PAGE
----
Rank (0) Views 4081 On Mon, Aug 01, 2011 10:41 AM, 1137 days ago



BREVARD, N.C. (Aug. 1, 2011) –The Pisgah Center for Wildlife Education will host a presentation on drift boats from 1-4 p.m. on Aug. 16. The presenter is retired Western Carolina University Engineering and Technology Prof. Robert Dalley, a drift boat designer, builder and fisherman. He has been featured on the “Bob Caldwell Outdoors” segment of WLOS-TV news and recognized for his fishing expertise in Sports Illustrated magazine.

Drift boats, also known as McKenzie boats, are specialized fishing vessels powered by oars with a specialized shape, adept for maneuvering down mountain rivers.

Participants will learn about oar selection, anchor systems and anchoring selection, hull materials and design and view the video, “A Smoky Mountain Drift Boat Adventure.” The program will cover design elements that make drift boats safer on the water and discuss how to handle whitewater situations. Prof. Dalley will explain ferrying and


Rank (0) Views 3856 On Tue, Aug 02, 2011 10:38 AM, 1137 days ago



RALEIGH, N.C. (Aug. 2, 2011) – The N.C. Wildlife Resources Commission’s Home From The Hunt™ safety campaign is reminding hunters to be cautious when setting up tree stands prior to deer season.

“Unfortunately, we have tree stand incidents that involve injuries and sometimes deaths before deer season even opens,” said Travis Casper, state assistant hunter education coordinator. “We need hunters to practice tree stand safety at all times, not just during hunting season.”

If you are scouting a location, trimming shooting lanes and putting up your tree stand, even on a trial basis, use the same precautions you would during hunting season:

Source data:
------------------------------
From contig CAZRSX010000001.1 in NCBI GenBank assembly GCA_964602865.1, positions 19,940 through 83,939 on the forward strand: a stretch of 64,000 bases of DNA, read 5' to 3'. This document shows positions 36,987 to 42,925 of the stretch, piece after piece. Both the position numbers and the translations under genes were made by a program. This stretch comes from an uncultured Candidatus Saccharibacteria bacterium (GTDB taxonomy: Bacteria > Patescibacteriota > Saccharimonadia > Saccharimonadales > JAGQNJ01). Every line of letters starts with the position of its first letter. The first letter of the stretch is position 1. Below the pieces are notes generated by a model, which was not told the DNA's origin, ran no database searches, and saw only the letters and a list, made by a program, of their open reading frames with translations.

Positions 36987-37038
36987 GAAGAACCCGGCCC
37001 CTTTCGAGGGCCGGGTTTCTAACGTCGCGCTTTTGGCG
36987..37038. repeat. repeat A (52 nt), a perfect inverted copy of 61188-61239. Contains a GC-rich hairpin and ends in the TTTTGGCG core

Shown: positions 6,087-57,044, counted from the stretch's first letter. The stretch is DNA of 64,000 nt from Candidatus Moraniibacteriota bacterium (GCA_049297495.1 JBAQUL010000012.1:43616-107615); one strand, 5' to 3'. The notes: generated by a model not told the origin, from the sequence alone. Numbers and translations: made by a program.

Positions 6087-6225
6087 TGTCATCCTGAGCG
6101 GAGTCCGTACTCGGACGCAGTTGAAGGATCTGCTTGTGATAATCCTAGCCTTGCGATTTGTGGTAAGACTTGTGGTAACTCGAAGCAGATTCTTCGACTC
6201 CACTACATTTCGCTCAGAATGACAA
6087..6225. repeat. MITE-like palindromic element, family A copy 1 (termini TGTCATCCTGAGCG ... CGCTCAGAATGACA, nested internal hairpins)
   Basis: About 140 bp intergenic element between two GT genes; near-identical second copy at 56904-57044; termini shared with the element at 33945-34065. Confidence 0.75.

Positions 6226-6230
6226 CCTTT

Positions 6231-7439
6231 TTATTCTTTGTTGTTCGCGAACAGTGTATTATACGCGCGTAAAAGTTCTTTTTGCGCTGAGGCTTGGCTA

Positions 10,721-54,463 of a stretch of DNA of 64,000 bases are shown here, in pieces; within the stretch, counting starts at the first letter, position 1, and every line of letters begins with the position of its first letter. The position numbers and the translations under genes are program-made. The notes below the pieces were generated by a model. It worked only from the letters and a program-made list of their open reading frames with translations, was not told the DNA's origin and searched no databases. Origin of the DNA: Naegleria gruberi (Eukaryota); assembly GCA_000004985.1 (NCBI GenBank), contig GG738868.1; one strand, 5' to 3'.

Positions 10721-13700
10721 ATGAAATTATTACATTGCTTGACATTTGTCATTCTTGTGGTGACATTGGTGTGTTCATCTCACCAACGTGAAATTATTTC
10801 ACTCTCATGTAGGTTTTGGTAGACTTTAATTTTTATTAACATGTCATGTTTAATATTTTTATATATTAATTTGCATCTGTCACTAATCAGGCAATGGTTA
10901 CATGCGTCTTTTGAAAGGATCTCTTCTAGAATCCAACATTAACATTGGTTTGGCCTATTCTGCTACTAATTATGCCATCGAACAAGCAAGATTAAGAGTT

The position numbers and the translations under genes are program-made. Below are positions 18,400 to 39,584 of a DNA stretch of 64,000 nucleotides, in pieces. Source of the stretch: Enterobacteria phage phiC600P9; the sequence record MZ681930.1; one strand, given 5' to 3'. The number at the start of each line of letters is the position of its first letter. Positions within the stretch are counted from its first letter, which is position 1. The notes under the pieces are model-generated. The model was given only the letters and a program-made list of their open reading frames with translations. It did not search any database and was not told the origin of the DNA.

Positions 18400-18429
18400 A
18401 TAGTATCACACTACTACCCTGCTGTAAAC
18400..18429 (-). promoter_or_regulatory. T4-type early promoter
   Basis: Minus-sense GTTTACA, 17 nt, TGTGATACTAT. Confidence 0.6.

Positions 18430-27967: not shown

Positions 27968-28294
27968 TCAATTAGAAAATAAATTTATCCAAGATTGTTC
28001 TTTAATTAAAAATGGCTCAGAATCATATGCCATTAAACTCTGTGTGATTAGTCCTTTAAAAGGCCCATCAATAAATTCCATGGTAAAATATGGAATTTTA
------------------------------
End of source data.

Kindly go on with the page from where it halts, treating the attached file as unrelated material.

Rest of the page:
Wear a full body safety harness
Maintain three points of contact when climbing
Follow manufacturer instructions
Have an emergency signal and tell someone where you plan to go

As with any piece of equipment, tree stands need inspection before use. Long-term placement (leav


Rank (0) Views 4240 On Thu, Aug 04, 2011 10:34 AM, 1137 days ago



RALEIGH, N.C. (Aug. 4, 2011) – The Cape Fear River Branch of the Quality Deer Management Association (QDMA), in partnership with the N.C. Wildlife Resource Commission’s Centennial Campus Center for Wildlife Education, will hold a deer hunting clinic on Aug. 30 from 6-8 p.m. at the center, located at 1751 Varsity Drive, Raleigh.

“This free clinic is primarily designed to help newcomers get started in deer hunting, but experienced hunters may pick up some new tips,” said Kelsey Obernuefemann, a wildlife education specialist with the N.C. Wildlife Resources Commission. “This course provides thorough and fun instruction on what to do before, during and after a hunting trip, at various times during the season.”

Topics covered in the clinic will include:
Tree stand safety
Whitetail habits and habitats
Scouting and hunting techniques
Equipment, archery and firearm choices
More safety recommendations and state hunting req


Rank (0) Views 4360 On Mon, Aug 08, 2011 10:30 AM, 1137 days ago



RALEIGH, N.C. (August 8, 2011) – The N.C. Wildlife Resources Commission is partnering with the North Carolina Public Access Foundation (NCPAF) on a program that encourages groups, businesses, organizations and individuals to “adopt” Boating Access Areas to keep them clean and litter free.

Several groups, including the East Carolina University Bass Fishing Team and the UNC Charlotte Bass Rats fishing club, have adopted access areas through the “Adopt-a- Boat-Ramp” initiative and have held several litter clean-ups. The Bass Rats also helped build handicapped access at the South Point Boating Access on Lake Wylie.

“Any time a citizen cleans up a ramp, it frees time and money that could be better used to expand parking areas and build more ramps,” said Mike Marsh, chairman of the N.C. Public Access Foundation. “Having a college fishing club adopt a boat ramp gets young people involved with public access


Rank (0) Views 3780 On Tue, Aug 09, 2011 10:27 AM, 1137 days ago